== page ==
Among the wannabe Vienna coffeehouse chatterers of the mostly US-based (neo) Austrians, there has already been a subdivision for some time between "Misesians" (really Rothbardians) based at the Mises Institute at Auburn University with their flagship Quarterly Journal of Austrian Economics, and the "Hayekians" (most of whom profess to admire Mises, if not always some of the followers of Rothbard at MI), based at George Mason University with their flagship Review of Austrian Economics. Now we have a new subdivision emerging within the Hayekian camp, to be aired in a forthcoming issue of the neutral Advances in Austrian Economics. Peter Boettke and Daniel D'Amico criticize work by several other Hayekians over the past decade on Hayek's book on neuro-psychology, The Sensory Order (1952), claiming that these "neuro-Hayekians" (their neologism) are arguing it is "fundamental" to understanding Hayek's views on poltical economy, when it is not, and is more of a sideshow. Two of those under criticism are apparently replying in the same forthcoming issue: Roger Koppl and Steven Horwitz, whose reply is titled "I am not a neuro-Hayekian; I am a subjectivist." What is going on here?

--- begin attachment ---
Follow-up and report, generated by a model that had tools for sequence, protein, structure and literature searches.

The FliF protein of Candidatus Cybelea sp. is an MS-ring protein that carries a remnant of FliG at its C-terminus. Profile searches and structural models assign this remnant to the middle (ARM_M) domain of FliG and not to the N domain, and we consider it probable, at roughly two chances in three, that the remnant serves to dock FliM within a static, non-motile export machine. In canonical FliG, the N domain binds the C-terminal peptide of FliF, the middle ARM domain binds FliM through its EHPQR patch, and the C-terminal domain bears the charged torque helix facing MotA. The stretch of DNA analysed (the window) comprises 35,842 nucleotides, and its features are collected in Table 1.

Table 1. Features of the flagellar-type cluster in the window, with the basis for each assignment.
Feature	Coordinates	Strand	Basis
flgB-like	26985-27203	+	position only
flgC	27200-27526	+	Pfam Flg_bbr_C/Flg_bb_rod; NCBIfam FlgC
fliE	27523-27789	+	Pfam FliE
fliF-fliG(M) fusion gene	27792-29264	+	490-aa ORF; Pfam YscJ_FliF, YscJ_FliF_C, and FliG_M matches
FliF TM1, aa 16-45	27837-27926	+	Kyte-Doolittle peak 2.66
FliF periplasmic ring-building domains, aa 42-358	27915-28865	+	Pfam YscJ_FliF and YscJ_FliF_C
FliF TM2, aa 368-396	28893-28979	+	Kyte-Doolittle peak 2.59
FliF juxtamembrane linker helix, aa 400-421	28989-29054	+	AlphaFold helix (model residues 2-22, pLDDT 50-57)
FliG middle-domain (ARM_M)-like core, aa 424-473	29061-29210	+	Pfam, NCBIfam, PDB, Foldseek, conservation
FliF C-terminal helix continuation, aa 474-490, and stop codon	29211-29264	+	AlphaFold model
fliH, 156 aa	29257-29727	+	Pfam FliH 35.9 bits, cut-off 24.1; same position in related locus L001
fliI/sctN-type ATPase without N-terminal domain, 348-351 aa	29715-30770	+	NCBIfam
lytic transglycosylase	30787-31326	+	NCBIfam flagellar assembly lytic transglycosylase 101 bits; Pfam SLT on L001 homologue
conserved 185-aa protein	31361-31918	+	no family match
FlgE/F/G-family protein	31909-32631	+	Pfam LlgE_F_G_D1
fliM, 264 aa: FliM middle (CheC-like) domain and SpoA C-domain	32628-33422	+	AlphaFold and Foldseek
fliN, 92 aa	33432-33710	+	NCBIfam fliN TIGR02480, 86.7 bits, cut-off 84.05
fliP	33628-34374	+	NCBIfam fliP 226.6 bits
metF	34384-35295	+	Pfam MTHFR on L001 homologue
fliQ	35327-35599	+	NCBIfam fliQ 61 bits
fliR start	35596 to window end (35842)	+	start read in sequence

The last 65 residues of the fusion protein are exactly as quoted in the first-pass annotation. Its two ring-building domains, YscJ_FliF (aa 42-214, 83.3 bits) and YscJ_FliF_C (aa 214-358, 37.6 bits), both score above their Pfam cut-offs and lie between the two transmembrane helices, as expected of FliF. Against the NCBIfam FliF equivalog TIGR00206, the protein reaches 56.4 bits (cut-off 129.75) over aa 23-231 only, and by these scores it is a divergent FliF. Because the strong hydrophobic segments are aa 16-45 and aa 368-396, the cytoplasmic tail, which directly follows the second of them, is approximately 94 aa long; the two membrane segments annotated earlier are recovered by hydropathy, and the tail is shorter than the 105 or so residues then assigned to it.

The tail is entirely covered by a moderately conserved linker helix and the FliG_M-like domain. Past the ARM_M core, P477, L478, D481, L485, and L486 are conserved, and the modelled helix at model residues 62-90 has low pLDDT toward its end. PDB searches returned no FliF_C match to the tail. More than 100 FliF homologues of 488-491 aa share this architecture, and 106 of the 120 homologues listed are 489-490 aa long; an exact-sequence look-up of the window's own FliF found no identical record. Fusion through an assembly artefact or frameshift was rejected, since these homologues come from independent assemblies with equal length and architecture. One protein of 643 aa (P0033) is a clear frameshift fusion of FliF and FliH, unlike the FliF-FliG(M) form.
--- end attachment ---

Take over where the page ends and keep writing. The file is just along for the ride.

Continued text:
Well, although all are claiming to be on the greatest of friendly terms, there do seem to be some interesting divisions here that cut across other parts of economics more broadly as well. Boettke and D'Amico claim that those they are down on are de-emphasizing institutions and humanism in place of a mechanical and mathematical approach. Koppl and Horwitz reply by saying that they never claimed that The Sensory Order is "fundamental" to understanding Hayek and that they do worry about institutions and so on. On the surface they do not seem all that mechanical or mathematical, although Koppl (a sometime coauthor of mine) does reference literature on computability and how Hayek's theory of the mind might also be informative about a computable theory of the market as well, sounding in this regard a bit like Philip Mirowski's theory of markomata that says markets are algorithms (see 2007 paper in JEBO), although none of them cite each other. Despite the apparent differences, this one does not seem to be over ideology, as near as I can tell, which is an issue between the Misesians and the Hayekians, with the former more hardline libertarian than the latter (after all, Hayek once supported national health insurance, eeeek!).